The disability community is, perhaps, one of the largest, yet most neglected constituencies in our society. Addressing their issues is not just the right thing to do, it is also smart politics.
First, thank you for running for office. I’ve helped with several political and advocacy campaigns and, as the tired line goes, some of my best friends are politicians… I know what a huge amount of work you’re taking on – and that it will only get harder when you win.
One Degree of Separation – 1 in 5 people are disabled.
Disabled people make up more than 20 percent of your voters (in some communities, over 25 percent)..plus their families, friends, and allies. Disability issues cross party lines and they do not feel well served by politicians (1).
You can change that.
Starting with the basics
Addressing the needs of the disability community, at least for your campaign, isn’t hard. Good will and commitment account for a lot.
Be aggressively accessible
1. Make sure your web site, communications, and events are accessible.
Web accessibility guidelines can look intimidating, but, once you get started, it isn’t hard.
2. Don’t use overlays
(as with everything else, there aren’t short cuts)
3. Use ALT tags for images
Improves accessibility and Search Engine Optimization (SEO).
4. Provide Captions (and transcripts) for videos and online events.
BONUS: Many people have their phones muted for videos, so captions pull readers in and yields 17% higher engagement (2 and 3)
5. For meetings, always have an accessibility strategy and a contact for unique accessibility needs (and a plan to meet them).
Nothing shows that you care like caring.
6. For live meetings, record and provide a transcript
Good for those who can’t attend whether disabled or not, also helpful for immunocompromised.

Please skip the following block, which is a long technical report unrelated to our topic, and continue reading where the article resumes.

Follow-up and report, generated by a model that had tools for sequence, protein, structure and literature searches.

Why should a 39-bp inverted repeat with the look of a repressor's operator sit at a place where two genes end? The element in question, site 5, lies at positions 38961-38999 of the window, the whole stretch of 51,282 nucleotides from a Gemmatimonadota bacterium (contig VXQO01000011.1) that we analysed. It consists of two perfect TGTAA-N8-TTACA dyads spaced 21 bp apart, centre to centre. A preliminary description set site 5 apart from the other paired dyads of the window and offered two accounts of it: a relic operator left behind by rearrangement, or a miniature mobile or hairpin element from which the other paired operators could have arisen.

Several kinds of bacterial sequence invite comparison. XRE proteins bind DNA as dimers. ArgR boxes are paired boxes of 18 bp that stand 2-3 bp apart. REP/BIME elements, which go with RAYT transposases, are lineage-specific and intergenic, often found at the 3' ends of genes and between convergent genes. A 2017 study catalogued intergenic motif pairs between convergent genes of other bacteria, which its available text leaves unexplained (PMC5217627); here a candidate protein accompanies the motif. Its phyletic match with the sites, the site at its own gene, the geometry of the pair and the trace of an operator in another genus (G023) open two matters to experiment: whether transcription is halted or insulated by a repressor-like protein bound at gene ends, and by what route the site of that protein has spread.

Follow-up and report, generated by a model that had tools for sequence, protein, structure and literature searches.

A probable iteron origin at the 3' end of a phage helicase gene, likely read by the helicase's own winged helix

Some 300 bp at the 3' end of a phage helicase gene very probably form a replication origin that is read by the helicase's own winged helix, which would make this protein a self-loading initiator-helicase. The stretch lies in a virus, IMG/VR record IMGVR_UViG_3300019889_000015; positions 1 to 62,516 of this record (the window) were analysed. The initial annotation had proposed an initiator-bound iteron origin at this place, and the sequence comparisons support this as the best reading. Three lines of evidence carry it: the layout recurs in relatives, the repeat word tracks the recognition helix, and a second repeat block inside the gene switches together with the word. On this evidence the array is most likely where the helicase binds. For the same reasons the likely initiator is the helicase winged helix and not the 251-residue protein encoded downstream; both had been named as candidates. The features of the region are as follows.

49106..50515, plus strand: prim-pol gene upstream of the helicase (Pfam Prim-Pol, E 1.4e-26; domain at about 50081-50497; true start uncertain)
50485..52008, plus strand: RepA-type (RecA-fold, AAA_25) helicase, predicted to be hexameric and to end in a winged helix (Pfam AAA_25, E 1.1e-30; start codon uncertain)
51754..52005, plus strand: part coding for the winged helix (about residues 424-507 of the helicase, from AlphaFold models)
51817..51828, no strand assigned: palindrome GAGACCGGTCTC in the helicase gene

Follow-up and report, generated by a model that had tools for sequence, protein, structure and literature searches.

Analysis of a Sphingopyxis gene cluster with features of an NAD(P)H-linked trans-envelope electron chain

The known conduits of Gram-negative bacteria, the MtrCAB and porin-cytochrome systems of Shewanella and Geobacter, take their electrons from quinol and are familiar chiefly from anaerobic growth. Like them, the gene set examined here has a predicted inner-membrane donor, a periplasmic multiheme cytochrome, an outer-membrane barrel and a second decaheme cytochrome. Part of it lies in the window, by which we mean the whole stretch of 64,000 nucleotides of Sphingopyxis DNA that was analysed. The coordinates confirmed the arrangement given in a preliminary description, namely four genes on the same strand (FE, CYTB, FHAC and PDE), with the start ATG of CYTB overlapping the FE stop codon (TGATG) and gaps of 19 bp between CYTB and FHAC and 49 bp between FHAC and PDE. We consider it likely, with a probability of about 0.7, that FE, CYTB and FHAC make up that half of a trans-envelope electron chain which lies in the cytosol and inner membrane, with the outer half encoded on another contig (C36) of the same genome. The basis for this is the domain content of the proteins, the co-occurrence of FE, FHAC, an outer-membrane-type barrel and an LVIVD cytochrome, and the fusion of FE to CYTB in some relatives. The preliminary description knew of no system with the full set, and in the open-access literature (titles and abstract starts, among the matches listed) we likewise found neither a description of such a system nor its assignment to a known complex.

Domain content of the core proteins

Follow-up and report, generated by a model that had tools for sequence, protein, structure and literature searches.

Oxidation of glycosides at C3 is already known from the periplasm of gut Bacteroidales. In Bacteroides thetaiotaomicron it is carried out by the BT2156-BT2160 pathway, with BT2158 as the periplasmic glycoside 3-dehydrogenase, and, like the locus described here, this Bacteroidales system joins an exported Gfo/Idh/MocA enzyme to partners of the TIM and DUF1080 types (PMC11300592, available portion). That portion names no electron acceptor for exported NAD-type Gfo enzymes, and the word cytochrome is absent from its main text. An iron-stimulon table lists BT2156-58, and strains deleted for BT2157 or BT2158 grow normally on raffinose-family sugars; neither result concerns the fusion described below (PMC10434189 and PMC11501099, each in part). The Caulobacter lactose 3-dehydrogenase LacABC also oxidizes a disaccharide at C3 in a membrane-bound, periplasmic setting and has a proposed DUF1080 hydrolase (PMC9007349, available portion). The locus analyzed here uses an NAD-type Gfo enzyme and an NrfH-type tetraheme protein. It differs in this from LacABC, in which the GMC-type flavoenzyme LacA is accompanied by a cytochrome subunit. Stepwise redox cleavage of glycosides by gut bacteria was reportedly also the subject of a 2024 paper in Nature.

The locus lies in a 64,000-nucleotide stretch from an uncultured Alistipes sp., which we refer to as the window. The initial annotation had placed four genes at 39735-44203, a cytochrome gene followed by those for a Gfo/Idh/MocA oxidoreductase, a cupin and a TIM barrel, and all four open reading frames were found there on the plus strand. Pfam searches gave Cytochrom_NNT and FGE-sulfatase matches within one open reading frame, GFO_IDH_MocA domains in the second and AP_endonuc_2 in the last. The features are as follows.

BONUS – smart marketing and re-use of your work and a great way to build content for other purposes and platforms.
7. Reach out to disability organizations for meetings
… an undertapped audience who will value your attention (Centers for Independent Living and many other groups for disabled adults, elderly, and parents of disabled children/special education through typical organizations like PTAs and informal Social Media and other groups)
8. Disabled Volunteers
welcome and encourage disabled volunteers, unfortunately, high unemployment rates (top texter story from CA?), they may need more flexible schedules (5,6).
9. Disability Issues
Are often not just disability issues (elderly, children, flexible work,… the issues touch everyone and are potentially widely appealing):
Healthcare, Civil rights / discrimination, Accessibility (public spaces, jobs, services), Benefits, Housing (accessibility, affordability), Employment (there is a persistent 40 percent employment gap for disabled adults), Long term care / personal assistance (availability, self-determination, Home and Community Based Services), Education (Special Education, quality, services, accountability), Assistive technology, Transportation (accessibility and availability)
Walking the Talk
If you add a disability/special education page or disability related press release to your campaign site, send me a link… we’re not doing endorsements (yet) but I’ll happily amplify your attention to the issues.
I don’t pretend to have all the answers on disability, but I do try to keep my eyes open on what people are doing and what some of the current issues are. I’m working on a newsletter and you are welcome to email me.
Thank you again for running for office.
All my best.
2. Why Everyone Is Watching TV with Closed Captioning On These Days
3. Closed Captions For Marketing: Why Every Marketer Should Be Utilizing Them
5. Can Do: A Guide to involving young disabled people as volunteers
6. Including People with Disabilities in Your Political Campaign: A Guide for Campaign Staff
9. Open Campaign Library